Mutiny in the Ranks

Following the Olly Robbins Theresa May plan agreed at Chequers, there have been rumours of an attempt to remove Theresa May as PM

It remains unclear whether the number of Conservative MPs (48) required to force a no-confidence vote in May will be found and even then whether the vote would be successful when more than half of the party’s MPs (316) would be needed.

Arguments within the Tory party spilled over into amendments and votes on the Taxation (Cross-Border Trade) Bill on 16 July 2018 and the Trade Bill on 17 July 2018. However, the Government succeeded in getting both Bills through their 3rd Reading Stage.

Taxation (Cross-Border Trade) Bill

Debate on the Taxation (Cross-Border Trade) Bill continued on 16 July

Bill stages — Taxation (Cross-border Trade) Bill 2017-19

Brexit supporting Conservative MPs submitted four amendments to the Government’s Taxation (Cross-border Trade) Bill. These amendments were all accepted by the Government which angered MPs from the Remainer rebels who voted against the Government.

One amendment called for the UK to refuse to collect duties for the EU unless member states do likewise (New Clause 36)

This went to a vote with 305 votes for and 302 against – with 14 Tory rebels voting against the Government.

Another amendment required the UK to have an independent regime for VAT.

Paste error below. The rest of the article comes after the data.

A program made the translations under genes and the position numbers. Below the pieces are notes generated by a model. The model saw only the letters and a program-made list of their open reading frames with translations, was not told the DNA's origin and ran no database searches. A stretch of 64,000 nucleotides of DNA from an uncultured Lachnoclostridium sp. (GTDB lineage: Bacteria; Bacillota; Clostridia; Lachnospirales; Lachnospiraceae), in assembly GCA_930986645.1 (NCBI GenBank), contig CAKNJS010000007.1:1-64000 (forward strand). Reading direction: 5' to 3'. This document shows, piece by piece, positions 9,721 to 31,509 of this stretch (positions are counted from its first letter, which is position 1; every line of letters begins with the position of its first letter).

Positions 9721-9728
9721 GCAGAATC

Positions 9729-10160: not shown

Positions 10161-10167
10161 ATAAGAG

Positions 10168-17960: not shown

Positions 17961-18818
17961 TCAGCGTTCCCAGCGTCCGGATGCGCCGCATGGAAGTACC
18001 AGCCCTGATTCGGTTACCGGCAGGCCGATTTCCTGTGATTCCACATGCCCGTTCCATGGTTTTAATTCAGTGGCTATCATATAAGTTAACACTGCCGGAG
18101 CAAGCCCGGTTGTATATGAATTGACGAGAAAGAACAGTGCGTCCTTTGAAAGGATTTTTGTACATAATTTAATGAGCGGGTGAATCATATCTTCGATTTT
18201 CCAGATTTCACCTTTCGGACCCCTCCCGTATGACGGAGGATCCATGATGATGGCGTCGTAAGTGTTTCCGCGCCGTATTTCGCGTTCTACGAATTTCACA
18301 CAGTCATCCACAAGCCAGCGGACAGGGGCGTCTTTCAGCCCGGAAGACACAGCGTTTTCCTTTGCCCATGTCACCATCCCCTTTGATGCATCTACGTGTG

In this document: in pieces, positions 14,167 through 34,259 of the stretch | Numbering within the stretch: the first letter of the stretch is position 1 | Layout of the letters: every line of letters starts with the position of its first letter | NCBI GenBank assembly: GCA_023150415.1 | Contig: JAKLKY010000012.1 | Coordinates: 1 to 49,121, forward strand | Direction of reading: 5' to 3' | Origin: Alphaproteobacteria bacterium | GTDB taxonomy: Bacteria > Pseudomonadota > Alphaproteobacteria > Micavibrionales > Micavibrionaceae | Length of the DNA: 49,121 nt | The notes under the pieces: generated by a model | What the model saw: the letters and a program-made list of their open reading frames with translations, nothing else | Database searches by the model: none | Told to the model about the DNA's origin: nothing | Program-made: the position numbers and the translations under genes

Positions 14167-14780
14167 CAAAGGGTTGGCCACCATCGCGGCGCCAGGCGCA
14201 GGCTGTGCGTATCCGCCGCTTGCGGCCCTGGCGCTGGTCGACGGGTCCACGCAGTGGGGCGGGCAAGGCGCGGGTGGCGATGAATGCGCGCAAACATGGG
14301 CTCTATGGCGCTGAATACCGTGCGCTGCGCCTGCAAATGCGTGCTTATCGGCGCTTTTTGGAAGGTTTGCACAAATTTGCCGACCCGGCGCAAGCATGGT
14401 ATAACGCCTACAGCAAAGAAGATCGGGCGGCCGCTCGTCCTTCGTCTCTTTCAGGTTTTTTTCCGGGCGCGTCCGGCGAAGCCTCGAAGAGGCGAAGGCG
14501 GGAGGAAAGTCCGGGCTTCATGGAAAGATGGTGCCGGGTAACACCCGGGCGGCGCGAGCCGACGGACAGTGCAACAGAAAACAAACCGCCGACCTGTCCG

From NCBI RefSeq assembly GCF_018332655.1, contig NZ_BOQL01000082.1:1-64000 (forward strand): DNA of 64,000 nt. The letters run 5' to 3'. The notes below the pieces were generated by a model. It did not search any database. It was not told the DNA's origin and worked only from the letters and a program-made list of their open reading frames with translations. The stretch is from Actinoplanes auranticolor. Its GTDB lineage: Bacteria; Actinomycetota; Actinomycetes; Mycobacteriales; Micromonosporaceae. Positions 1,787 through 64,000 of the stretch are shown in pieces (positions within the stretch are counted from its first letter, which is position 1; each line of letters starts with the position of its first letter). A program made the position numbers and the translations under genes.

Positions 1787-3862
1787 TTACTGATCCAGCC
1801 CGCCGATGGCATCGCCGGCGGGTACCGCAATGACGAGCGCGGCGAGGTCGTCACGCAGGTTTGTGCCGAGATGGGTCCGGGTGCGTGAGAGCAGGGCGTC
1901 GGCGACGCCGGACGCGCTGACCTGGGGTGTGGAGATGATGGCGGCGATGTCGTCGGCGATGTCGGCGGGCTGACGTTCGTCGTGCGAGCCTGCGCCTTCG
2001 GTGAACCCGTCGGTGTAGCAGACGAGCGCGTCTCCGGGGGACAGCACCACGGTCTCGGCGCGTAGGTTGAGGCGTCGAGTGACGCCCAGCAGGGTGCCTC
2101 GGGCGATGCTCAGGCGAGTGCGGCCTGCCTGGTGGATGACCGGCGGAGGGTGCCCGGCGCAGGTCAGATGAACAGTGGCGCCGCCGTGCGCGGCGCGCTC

This also went to a vote with 303 votes for and 300 against – with 11 Tory rebels voting against the Government.

The other amendments accepted by the Government were to agree to a commitment to never having a border in the Irish sea and to require the Government to draw up primary legislation if the UK wants to remain in the EU customs union.

The Taxation (Cross-Border Trade) finally passed its 3rd Reading in the House of Commons by 318 in favour to 285 against on the 16 July 2018

3rd reading: House of Commons 16 July, 2018


Debate on the Trade Bill continued on 17 July and Tory rebels supported an amendment in favour of creating a customs union with the EU, which was subsequently defeated.

Bill stages — Trade Bill 2017-19

New Clause 17

This new clause would ensure that it is a negotiating objective for the UK Government to secure an international agreement through which the UK may continue to participate in the European medicines regulatory network partnership between the EU, EEA and the European Medicines Agency, ensuring that patients continue to have access to high-quality, effective and safe pharmaceutical and medical products, fully aligned with the member states of the EU and EEA.

The Government lost the vote on this amendment, tabled by the Tory MP Philip Lee.

The vote was

305 votes in favour to 301 against.

New clause 18

This new clause would make it a negotiating objective of the UK to establish a free trade area for goods between the UK and the EU and if that cannot be agreed then it should be the objective of the UK to secure an agreement to enable the UK’s participation in a customs union with the EU.

The vote was

301 in favour with 307 votes against

The Trade Bill passed its 3rd Reading in the House of Commons by 317 in favour to 286 against on the 17 July 2018

3rd reading: House of Commons 17 July, 2018


3 Labour Pro-Brexit MPs rebelled against their party by voting with the Government were

Frank Field
Kate Hoey
Graham Stringer

The Pro-EU Conservative rebel MPs were:

Heidi Allen
Guto Bebb
Richard Benyon
Jonathan Djanogly
Dominic Grieve
Stephen Hammond
Philip Lee
Nicky Morgan
Robert Neill
Mark Pawsey
Antoinette Sandbach
Anna Soubry
Sarah Wollaston